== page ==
Turning Point Environmental Health in Brazil

By Csillag, Claudio | Environmental Health Perspectives, November 2000 | Go to article overview

Turning Point Environmental Health in Brazil


Csillag, Claudio, Environmental Health Perspectives


In the two decades leading up to the turn of the twenty-first century, Brazil has stood at an environmental turning point that mirrors the political, economic, and cultural changes faced by the nation over the same period. A 1964 coup d'etat left Brazil under the rule of a rightist military regime that lasted the next 20 years. But the return of civilian government in 1984-1985 was followed by important institutional reorganizations in the government and in society in general.

The 1980s saw huge growth in the amount of attention paid by the Brazilian government to environmental health concerns. Indicators for drinking water quality and treatment began evolving significantly during this time, and continue to do so. Legislation for solid urban waste is still being improved continuously. Even nuclear waste started to receive more attention in 1987, after Brazil's worst nuclear accident ever. Frequently called one of earth's most polluted cities in the past, coastal Cubatao saw a turning point of its own in the 1980s with the implementation of efforts to limit industrial pollution, which have since yielded consistent positive results. In the same decade, a successful national policy to limit vehicle pollution emissions was put into action. Finally, it was during the 1980s that the government started a monitoring system to track poisonings from pesticides, of which Brazil is one of the world's leading consumers. At the same time, vectorborne and infectious diseases have become a major challenge, with malaria cases increasing during the 1980s and acquiring epidemic proportions in major cities, and the reappearance of diseases once believed to have been vanquished.

Today, Brazil is fighting to set more effective environmental protection policies and to increase the health of its people. Significant advances have been achieved in many areas. Still, there are obstacles to be overcome.

Water: The Most Basic Need

With the creation of the National Water Agency in July 2000, Brazil marked an important milestone in the process of creating stable water resource management policies. This regulatory agency will establish a national system that will oversee water resource management at the regional and local levels. Brazil's goal is to not only ensure consistency in the water supply but also to protect the quality of the nation's bodies of water.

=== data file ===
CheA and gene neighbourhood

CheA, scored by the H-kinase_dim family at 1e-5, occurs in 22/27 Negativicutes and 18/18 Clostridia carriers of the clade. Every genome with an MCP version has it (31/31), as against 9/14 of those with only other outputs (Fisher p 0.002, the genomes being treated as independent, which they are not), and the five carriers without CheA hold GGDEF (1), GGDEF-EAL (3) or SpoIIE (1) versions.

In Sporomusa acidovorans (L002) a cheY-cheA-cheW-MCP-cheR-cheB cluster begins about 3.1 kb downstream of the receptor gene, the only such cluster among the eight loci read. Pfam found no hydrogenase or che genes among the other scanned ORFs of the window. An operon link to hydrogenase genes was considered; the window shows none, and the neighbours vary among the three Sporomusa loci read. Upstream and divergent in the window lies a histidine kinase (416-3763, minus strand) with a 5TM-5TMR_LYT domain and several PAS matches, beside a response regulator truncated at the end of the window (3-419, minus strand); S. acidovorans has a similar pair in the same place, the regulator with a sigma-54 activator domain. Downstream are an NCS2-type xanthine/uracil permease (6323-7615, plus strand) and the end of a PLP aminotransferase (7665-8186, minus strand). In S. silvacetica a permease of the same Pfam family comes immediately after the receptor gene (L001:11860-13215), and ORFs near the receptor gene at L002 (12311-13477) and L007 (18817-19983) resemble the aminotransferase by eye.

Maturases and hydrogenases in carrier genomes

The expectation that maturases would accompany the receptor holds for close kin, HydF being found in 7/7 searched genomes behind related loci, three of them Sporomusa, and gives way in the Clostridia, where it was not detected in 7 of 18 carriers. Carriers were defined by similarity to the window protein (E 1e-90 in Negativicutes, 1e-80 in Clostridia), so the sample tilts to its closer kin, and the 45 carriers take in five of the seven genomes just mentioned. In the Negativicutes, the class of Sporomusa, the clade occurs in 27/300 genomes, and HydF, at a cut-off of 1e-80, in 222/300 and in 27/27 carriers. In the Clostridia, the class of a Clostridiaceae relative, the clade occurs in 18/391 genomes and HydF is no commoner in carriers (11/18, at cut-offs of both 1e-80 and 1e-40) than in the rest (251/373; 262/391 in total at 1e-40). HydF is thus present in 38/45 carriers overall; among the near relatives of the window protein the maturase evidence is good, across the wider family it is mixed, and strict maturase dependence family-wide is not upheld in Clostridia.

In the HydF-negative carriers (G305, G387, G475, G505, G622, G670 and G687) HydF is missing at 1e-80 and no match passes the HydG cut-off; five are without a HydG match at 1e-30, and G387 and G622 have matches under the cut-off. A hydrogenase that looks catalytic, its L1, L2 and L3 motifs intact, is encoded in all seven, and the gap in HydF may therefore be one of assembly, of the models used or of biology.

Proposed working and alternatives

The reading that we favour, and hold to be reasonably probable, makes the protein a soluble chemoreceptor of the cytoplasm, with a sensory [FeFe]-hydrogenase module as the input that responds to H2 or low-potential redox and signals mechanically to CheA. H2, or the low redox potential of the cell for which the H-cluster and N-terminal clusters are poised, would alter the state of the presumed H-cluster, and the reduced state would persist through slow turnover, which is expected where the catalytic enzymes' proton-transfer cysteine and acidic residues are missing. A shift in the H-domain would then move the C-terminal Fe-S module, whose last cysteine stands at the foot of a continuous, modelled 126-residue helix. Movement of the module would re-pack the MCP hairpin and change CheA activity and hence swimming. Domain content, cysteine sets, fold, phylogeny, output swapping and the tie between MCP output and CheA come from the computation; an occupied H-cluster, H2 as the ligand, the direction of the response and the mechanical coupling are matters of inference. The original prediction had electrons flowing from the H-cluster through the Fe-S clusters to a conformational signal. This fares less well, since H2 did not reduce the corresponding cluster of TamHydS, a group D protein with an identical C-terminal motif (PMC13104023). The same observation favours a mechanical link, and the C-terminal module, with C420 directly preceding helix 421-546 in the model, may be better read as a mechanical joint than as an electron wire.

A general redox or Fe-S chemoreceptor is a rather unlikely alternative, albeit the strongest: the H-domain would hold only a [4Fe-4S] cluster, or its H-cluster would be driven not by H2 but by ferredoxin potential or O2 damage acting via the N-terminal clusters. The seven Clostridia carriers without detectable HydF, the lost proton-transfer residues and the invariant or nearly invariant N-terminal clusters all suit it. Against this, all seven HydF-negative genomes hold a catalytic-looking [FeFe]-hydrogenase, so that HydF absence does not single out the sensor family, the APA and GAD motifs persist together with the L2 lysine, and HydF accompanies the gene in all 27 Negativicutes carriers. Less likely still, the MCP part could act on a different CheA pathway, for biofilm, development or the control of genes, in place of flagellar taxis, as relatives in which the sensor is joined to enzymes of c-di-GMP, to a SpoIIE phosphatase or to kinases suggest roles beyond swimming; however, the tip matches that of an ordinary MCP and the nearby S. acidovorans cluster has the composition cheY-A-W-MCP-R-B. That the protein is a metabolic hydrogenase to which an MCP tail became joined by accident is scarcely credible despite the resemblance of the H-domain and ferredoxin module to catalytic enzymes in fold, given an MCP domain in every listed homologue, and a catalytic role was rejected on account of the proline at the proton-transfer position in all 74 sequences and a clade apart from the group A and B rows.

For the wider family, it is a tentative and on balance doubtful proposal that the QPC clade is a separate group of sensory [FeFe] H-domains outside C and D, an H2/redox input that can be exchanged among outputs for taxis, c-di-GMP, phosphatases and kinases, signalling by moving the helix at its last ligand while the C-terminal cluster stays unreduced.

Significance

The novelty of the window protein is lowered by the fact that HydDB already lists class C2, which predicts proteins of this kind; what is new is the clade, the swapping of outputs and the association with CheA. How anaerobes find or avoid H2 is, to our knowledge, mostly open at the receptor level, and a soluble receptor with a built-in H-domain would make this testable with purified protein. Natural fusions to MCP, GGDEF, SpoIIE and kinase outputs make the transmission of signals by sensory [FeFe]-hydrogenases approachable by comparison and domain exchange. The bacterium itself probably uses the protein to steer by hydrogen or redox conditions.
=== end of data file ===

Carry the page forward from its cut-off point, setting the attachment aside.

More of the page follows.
In 1971 the National Water Supply and Sanitation Plan was created, in part to increase urban dwellers' access to water services. A later national policy With me same general gore, devised jointly by the Secretariat of Urban Development (SEDU) and the Secretariat for Urban Policy (SEPURB), stated that, based on the most recent census data (from 1991 33% of families earning less than US$85 per month about 460,000 households--are not connected to a public drinking water system. Almost twice that number, 59% of families earning less than US$85 per month (830,000 households), do not have access to wastewater treatment services. Among wealthier households (making more than US$830 per month), these numbers are around 1% and 10%, respectively.

Although this situation is less than ideal, it reflects a considerable increase in access to water services. Between 1970 and 1995, the Brazilian urban population more than doubled, from 52 million to 120 million. During the same period, the number of households receiving water services increased from 60% to 90%. In rural areas, however, progress was less dramatic, from 2% in 1970 to only 17% in 1995. In metropolitan areas, outlying neighborhoods tend to be poorer and thus typically have less water service coverage, partly because state companies mainly invest in areas with higher potential profitability, according to a 1995 report by the Ministry of Planning and Budget titled Demand, Availability, and Requirements for Sanitation Services. The country also sees regional differences: the northern region has lower levels of coverage, while the richer south is best served. …

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